Posted on: 06/09/2016
Nicola Shaw, the new UK executive director at National Grid, has said that a “smart energy revolution” could help avoid blackouts.
Shaw said that advances in technology – such as connecting dishwashers, fridges and washing machines to the “internet of things” – would help to reduce the demand for electricity.
Lowering demand could reduce the need for the UK to build conventional power stations, she said.
While acknowledging that the UK would need to build some gas-fired power stations, Shaw said 30-50% of power grid fluctuations could be smoothed out if businesses and households adjusted their peak-time demands.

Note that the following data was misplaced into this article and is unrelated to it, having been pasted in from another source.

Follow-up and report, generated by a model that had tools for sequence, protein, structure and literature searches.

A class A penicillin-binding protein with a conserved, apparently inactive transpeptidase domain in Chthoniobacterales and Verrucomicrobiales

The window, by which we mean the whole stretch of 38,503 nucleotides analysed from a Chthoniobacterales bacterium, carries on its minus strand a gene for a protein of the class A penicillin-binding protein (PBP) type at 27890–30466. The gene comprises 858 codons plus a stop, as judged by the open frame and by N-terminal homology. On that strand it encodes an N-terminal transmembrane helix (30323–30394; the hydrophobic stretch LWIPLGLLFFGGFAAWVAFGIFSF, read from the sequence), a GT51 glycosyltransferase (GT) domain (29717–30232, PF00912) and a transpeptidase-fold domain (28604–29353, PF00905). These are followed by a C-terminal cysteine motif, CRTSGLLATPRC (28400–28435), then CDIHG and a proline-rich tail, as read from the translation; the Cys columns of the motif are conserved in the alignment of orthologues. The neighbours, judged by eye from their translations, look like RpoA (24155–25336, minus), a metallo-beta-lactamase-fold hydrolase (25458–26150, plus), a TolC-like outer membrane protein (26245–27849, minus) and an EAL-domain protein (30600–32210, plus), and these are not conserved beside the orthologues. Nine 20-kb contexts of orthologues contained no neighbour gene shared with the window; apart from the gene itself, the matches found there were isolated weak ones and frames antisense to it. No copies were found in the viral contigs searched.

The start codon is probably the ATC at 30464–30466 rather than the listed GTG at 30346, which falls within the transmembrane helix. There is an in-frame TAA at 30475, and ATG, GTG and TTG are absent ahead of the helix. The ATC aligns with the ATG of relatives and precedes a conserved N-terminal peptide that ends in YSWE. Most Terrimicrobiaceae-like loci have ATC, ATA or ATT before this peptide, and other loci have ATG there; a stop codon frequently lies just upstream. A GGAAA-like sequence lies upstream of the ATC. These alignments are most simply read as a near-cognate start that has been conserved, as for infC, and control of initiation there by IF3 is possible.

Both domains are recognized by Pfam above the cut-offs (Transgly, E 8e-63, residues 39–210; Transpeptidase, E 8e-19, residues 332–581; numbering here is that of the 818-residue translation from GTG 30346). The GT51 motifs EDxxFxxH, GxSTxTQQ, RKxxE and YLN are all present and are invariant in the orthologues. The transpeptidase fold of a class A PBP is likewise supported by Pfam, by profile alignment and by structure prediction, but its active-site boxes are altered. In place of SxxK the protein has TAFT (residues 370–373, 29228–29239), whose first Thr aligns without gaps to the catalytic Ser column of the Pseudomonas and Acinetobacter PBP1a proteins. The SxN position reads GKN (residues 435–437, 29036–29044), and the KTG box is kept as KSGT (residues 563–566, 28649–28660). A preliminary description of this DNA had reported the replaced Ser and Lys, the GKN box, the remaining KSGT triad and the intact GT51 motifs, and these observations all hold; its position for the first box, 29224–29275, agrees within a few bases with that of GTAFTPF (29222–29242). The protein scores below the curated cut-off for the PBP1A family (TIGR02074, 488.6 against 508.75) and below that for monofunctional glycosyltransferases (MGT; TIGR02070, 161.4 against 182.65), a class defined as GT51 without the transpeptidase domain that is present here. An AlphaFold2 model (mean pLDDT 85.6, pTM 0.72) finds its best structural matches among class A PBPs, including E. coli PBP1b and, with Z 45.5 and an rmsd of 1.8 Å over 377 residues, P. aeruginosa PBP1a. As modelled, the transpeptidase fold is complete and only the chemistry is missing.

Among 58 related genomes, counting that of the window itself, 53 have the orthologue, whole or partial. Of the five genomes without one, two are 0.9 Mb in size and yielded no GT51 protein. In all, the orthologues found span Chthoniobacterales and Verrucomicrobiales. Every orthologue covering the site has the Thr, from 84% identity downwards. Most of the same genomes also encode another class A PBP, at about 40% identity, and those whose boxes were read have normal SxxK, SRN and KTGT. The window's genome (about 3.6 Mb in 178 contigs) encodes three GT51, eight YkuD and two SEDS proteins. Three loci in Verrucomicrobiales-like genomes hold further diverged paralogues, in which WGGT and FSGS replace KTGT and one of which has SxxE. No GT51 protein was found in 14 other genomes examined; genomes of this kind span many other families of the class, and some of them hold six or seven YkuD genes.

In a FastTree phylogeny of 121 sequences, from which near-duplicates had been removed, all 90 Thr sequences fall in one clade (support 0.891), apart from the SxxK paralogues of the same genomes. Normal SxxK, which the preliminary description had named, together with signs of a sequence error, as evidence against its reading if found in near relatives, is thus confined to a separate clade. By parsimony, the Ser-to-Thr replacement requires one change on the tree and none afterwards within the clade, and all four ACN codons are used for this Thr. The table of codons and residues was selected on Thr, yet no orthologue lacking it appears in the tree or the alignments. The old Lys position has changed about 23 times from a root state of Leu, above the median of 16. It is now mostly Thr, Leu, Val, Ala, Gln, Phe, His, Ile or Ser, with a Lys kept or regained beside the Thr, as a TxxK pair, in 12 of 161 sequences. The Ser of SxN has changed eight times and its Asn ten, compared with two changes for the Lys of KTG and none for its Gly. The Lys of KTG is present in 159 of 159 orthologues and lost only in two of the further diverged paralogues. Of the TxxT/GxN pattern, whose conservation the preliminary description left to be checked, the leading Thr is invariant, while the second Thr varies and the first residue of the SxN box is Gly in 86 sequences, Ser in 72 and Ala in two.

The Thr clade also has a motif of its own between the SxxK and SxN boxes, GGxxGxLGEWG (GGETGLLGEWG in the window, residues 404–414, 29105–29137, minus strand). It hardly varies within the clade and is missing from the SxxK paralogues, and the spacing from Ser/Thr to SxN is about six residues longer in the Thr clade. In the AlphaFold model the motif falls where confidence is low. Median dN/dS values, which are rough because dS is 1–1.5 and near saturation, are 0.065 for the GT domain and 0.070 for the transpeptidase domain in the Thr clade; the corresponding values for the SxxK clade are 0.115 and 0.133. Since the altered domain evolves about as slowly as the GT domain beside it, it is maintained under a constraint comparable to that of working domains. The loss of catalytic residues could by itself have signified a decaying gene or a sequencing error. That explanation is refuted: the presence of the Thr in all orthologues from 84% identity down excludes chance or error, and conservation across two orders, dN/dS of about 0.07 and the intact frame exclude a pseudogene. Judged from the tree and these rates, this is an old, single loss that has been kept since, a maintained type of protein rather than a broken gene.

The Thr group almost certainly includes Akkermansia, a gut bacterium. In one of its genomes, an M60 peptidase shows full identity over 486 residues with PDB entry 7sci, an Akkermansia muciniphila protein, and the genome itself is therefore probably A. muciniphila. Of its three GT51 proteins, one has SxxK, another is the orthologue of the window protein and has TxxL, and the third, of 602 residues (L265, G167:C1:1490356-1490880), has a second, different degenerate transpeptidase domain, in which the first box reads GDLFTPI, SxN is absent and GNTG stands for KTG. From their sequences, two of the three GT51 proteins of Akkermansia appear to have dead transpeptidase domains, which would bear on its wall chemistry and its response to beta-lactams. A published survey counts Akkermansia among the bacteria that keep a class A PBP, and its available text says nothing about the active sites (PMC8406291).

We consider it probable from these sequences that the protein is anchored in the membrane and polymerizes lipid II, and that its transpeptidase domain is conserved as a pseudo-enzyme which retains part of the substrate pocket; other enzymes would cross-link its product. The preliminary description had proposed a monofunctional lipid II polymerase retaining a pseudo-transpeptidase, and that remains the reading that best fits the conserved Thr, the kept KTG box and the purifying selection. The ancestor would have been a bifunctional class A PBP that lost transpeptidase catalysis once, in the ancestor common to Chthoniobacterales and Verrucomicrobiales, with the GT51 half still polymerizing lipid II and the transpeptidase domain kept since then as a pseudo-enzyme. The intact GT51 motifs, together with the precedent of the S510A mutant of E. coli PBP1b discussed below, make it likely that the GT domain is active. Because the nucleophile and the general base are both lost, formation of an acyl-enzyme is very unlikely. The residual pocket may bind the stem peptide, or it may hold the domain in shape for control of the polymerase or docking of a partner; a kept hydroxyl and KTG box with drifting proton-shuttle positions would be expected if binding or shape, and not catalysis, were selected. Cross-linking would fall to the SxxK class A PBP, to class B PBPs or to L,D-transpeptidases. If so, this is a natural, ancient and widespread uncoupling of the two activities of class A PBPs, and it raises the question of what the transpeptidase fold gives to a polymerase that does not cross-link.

Shaw told the BBC News website: “We are at a moment of real change in the energy industry.
“From an historic perspective we created energy in big generating organisations that sent power to houses and their businesses.
“Now we are producing energy in those places – mostly with solar power.
“All of that is a real revolution… a smart energy revolution that’s changing the way we think about energy across the country.”
But Shaw’s comments were criticised by the GMB trade union.
Justin Bowden, GMB National Secretary, said: “Avoiding winter blackouts with a ‘smart energy’ revolution is fanciful nonsense, the smart grid is years away.
“What is needed to guarantee the lights stay on over the coming winters are new power stations and the go-ahead for Hinkley Point C would be a start given that the coal fired stations are due to close next week.”
> Read Shaw's interview with the BBC